The processor PWM signal on line 10 can have any duty cycle from 0 to 100%, but is chosen to be constant in the illustrated embodiment. However, due to the action of signal source select switch 12, the average duty cycle of the gate drive signal on line 13 is changing.
FIG. 4 shows that the gate drive PWM signal output on line 13 spends some time at a maximum duty cycle. This maximum can be anything between 0 and 100%, and the time spent at the maximum can as short as desired in order to tune the system to the characteristics of motor 100.
As motor 100 rotates closer to a commutation point, the gate drive signal on line 13 spends increasingly more time connected to a zero than it does connected to the processor or nominal PWM signal on line 10 (which is itself rapidly switching between zero and one). The current in coil 26 is therefore ramped down. At the same time, the current in coil 27 is ramped up by a similar action. The result is an overlap of current flow in coils 26 and 27 which greatly reduces acoustic noise. By contrast, in the prior art, there is no overlap and one coil is always off.
FIGS. 5-8 show which transistors are turned on (indicated by a "1" next to their gate input) and off ("0") as motor 100 commutates from coils 25-26 to coils 25-27. Note that only one of the upper transistors 21 is on, while lower transistors 30 and 34 are on at various times depending on the value of the PWM signal and the duty cycle ramp. In FIG. 5, transistors 21 and 30 are turned on and current flows though them and through coils 25 and 26. Even before the duty cycle ramp begins, the PWM signal applied to transistor 30 switches on and off. FIG. 6 shows (in broken lines) where the current flows when PWM=0 through the "flyback" diode 31 (due to an effect called "inductive kick"), but still from transistor 21 to coils 25 and 26.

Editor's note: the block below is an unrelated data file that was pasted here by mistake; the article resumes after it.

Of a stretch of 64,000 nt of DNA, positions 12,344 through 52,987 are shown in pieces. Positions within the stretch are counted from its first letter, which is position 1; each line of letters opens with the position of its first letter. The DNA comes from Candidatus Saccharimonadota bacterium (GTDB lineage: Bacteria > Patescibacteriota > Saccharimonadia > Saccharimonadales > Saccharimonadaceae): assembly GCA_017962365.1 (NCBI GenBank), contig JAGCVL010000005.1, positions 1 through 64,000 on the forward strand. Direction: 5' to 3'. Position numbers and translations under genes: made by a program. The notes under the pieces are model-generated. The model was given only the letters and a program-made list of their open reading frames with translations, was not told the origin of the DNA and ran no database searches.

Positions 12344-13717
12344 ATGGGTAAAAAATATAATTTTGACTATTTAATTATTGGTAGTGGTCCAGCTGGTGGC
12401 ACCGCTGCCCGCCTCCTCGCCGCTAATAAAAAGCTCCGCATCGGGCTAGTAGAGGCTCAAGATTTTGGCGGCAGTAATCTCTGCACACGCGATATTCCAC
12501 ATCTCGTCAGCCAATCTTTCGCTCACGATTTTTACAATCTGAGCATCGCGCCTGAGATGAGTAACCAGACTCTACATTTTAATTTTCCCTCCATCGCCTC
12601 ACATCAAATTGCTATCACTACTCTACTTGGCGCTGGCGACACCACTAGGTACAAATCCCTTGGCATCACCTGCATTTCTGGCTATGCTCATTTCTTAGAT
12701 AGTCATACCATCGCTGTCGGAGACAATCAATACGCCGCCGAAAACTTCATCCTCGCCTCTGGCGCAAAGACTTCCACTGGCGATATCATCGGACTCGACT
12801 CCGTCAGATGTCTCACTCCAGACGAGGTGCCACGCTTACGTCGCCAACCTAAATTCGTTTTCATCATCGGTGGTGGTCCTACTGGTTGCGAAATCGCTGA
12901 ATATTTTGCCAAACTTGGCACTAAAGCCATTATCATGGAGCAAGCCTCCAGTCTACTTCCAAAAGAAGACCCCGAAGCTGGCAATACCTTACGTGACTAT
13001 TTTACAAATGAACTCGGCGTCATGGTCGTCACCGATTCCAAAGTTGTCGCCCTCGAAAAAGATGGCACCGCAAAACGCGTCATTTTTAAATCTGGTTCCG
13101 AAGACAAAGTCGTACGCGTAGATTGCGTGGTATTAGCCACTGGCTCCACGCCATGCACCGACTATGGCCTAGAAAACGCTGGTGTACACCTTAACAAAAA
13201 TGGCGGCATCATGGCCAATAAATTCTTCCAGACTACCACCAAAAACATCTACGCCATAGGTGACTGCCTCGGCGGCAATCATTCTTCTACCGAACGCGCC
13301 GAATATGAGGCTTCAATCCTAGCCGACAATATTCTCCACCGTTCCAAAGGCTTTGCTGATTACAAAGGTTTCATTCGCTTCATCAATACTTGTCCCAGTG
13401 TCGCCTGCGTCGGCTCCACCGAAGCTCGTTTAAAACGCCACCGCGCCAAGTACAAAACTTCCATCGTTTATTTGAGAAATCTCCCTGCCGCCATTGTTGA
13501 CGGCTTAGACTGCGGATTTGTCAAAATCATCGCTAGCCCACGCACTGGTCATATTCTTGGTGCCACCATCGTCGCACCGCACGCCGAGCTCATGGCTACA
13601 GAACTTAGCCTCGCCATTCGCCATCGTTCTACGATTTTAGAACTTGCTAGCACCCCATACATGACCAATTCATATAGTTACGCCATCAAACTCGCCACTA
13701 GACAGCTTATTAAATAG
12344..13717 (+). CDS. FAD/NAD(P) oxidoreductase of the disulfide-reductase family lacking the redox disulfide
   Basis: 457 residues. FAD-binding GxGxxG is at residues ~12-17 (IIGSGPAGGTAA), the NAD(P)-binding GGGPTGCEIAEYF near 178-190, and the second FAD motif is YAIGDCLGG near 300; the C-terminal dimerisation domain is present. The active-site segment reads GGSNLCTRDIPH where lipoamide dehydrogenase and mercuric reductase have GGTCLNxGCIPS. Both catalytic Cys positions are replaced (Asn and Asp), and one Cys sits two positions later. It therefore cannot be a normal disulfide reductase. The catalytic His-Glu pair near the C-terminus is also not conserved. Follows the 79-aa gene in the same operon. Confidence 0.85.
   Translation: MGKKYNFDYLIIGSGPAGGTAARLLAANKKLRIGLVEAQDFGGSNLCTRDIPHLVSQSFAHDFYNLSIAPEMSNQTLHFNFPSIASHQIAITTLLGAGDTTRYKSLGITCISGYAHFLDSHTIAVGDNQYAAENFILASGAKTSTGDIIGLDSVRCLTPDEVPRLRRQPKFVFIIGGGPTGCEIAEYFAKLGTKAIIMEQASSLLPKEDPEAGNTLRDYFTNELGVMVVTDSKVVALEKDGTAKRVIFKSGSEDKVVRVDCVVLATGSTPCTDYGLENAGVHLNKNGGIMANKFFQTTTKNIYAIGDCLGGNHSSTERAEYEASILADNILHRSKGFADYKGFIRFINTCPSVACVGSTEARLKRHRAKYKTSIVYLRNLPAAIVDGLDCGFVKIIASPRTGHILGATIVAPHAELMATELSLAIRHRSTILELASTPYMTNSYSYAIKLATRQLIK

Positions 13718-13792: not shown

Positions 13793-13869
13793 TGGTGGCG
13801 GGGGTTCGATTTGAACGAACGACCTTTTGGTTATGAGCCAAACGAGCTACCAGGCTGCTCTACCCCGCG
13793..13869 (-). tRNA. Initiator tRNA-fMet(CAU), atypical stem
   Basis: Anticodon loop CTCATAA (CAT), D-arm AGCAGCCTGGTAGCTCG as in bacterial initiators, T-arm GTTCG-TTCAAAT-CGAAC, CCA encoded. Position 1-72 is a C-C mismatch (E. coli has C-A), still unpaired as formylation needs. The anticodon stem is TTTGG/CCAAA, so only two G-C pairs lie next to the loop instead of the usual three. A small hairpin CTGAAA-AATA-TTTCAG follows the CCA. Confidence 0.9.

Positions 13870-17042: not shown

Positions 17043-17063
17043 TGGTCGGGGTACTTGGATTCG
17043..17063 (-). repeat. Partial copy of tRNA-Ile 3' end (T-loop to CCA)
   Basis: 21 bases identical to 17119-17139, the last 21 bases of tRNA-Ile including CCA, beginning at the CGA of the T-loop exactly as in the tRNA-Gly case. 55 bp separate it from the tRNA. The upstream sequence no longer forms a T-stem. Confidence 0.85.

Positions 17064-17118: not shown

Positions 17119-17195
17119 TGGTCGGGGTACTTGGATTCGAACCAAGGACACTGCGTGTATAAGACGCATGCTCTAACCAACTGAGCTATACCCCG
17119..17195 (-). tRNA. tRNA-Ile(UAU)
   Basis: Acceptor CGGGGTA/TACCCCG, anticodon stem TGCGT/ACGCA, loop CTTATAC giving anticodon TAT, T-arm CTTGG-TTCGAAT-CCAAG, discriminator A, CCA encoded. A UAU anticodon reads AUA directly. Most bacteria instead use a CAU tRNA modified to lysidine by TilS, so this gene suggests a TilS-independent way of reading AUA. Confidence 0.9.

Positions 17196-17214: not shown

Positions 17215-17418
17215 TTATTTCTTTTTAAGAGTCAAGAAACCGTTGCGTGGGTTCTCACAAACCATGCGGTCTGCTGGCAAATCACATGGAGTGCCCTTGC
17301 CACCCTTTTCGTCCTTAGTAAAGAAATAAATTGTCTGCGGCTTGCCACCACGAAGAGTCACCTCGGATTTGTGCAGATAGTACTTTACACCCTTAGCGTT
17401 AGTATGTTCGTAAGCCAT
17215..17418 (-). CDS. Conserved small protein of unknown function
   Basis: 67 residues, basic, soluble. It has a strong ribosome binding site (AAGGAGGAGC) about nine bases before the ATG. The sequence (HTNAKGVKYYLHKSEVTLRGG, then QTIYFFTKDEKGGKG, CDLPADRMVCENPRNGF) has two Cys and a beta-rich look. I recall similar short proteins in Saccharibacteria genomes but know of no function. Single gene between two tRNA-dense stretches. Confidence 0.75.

Current builds up and decays in the coils at a much slower rate than the PWM switching action. In FIG. 5, the current in both coils 25 and 26 is increasing while in FIG. 6 it is decaying. By allowing more time (greater duty cycle) for current to build up than for it to decay, the average current level increases. Conversely, if the duty cycle is decreased, the average current level drops because it has more time to decay than it has to increase.
FIGS. 7 and 8 show the same sequence of events for current flow in coils 25 and 27, which corresponds to the next commutation state. The lower transistor 34 is switched on and off and the current flows alternately in transistor 34 and diode 36, but always in upper transistor 21 and coils 25 and 27. The other four transistors (i.e., transistors 22, 29, 30, and 33) are all off.
FIGS. 5-8 thus correspond to what happens when the "Average PWM duty cycle" of FIG. 5 has reached its maximum. It is this average PWM duty cycle that is the gate drive PWM signal applied on line 13. During the ramp, motor 100 and its power transistors are switched between commutation states to achieve an overlap in the current flow.
As the ramp begins (see FIG. 5), commutation step 1 directs the gate drive (average) PWM signal exclusively to transistor 30. The gate drive to transistor 30 (on line 1330) switches between 0 and 1 and the current flows alternately in transistor 30 and flyback diode 31. Then the gate drive (average) PWM signal begins to be reduced to transistor 30 by occasionally applying zero (on line 1330 via signal source select switch 12) instead of the nominal PWM signal. At the same time, controller 110 occasionally applies the nominal PWM signal to transistor 30.